The easy way to mantra

The easy way to Mantra
By Ricardia Bramley

You’ve heard of mantras. In fact, I am willing to put money on it, that you’ve already practiced, like, thousands of them. Perhaps it went something like: “Must not eat so much sugar at this birthday party. “Will not yell at my 5-year old for redesigning the tapestry”, “stay calm, even if that guy cuts you off in traffic”. That’s right, telling yourself over and over, not to lose your sh*% is a mantra. See! You’ve done it already and you had no idea.

But maybe you’re still not much into mantras? You’ve tried a few Sanskrit lines that sounded foreign and not all that accessible. Or, perhaps, you grew up with a religious background and any kind of vision of rocking back and forth, reciting something from a holy script weirds you out? I hear you. But if I may:

When I first started very short, so-called Japa mantras, I just did so because my own yoga trainer suggested it. I didn’t really “get it” at first. But after just a few days, I would notice that while I recited the mantra, it was easier to get out of my head. If, for example, you find silent meditation really hard, mantras are a great way to come into a comfortable silence that often follows right after reciting them. It pulls your whole body into the task and there’s very little room for other thoughts or even doubts. Mantras draw us into a meditative state automatically and almost effortlessly.

Still not convinced? Well, here comes your easy step-by-step guide to finding the right mantra practice for you:

Keep it simple: your mantra doesn’t have to be a long, convoluted Sanskrit piece. Go for AUM or OM Shanti first, something familiar and not too “out there” in terms of pronunciation and complexity. I will nevertheless say that sometimes a foreign language can help because there are no preconceptions or negative associations attached to it.

Keep it real: if citing Sanskrit makes you feel silly or like, you crossed over to THAT land, where people drink nothing but green tea and only greet each other with “Namasté”, just switch to your own language: “I am whole” or “I am strong” or even simpler: “I am” are perfectly good mantras to follow.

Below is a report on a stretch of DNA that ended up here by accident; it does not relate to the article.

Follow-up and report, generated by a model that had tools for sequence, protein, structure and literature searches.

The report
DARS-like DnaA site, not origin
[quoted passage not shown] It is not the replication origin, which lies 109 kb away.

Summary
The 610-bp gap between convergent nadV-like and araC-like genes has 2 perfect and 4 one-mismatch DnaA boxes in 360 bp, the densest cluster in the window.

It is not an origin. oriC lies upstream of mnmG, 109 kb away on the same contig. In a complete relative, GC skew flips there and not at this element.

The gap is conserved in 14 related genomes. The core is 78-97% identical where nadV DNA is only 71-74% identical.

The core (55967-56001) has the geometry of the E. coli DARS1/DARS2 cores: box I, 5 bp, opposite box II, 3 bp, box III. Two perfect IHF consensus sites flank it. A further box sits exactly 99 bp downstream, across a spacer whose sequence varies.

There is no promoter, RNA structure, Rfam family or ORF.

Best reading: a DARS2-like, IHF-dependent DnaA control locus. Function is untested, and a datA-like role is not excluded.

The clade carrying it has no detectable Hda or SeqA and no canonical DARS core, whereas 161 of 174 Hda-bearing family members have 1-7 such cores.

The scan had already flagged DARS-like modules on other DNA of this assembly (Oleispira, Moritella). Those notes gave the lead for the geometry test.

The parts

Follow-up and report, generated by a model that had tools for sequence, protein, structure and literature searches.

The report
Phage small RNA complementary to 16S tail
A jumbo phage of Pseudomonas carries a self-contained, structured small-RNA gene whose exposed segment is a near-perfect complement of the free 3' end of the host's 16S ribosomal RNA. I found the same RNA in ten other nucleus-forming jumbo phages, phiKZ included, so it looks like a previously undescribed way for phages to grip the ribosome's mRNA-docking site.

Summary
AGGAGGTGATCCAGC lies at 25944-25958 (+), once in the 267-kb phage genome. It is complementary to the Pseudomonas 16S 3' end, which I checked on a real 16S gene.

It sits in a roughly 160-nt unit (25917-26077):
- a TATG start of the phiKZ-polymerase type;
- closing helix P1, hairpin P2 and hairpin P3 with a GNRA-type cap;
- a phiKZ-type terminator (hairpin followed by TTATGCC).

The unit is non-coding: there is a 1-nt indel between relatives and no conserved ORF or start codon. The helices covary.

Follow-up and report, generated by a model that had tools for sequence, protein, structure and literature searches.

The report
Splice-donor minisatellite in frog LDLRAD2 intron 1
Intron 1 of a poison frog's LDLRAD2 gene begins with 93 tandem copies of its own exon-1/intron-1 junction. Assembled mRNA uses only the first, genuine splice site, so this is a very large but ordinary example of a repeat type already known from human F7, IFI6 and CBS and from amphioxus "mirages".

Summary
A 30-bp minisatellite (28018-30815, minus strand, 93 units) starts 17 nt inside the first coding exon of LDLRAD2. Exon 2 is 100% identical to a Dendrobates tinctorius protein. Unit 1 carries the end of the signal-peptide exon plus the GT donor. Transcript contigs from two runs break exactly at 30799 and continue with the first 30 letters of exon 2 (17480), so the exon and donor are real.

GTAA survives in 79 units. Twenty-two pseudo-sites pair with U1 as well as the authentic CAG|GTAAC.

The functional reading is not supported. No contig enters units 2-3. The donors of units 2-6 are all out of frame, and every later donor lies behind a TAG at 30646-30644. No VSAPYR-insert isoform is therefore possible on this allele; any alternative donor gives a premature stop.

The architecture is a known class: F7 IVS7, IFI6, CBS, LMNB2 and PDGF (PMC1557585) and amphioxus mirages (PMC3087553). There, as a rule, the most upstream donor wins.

Keep it focused: try to stick to one idea. I mean, saying to yourself: “I trust in the universe and may all sentient beings trust in the universe and may we all be happy and healthy”, are all wonderful thoughts. They’re also a bit of a tall order, when you want to stay on message and unambivalent in your goal. A simple “may all beings be happy” is really all you need on many occasions.

Keep it strong: state what you want, not what you don’t want. If you’d like to feel healthier, phrase it positively. So instead of saying: “I don’t want to be sick anymore”, rephrase it: I am healthy. Stating it this way, like it’s already happened, has the added benefit of making it real in that ego-driven mind of ours that thrives on the idea of “Oh, no, you’re not”.

Keep it fun: finally, find some nice tunes to go along with your mantra. There are so many different renditions of all the traditional mantras, it’s fun to practice with different melodies and see which ones stick. It also makes different regions in your brain work together. Who, knows, that might just be the trick you need to stay with it.

What are some of your favorite mantra practices? Let me know in the comment section below!

Leave a Reply

Your email address will not be published. Required fields are marked *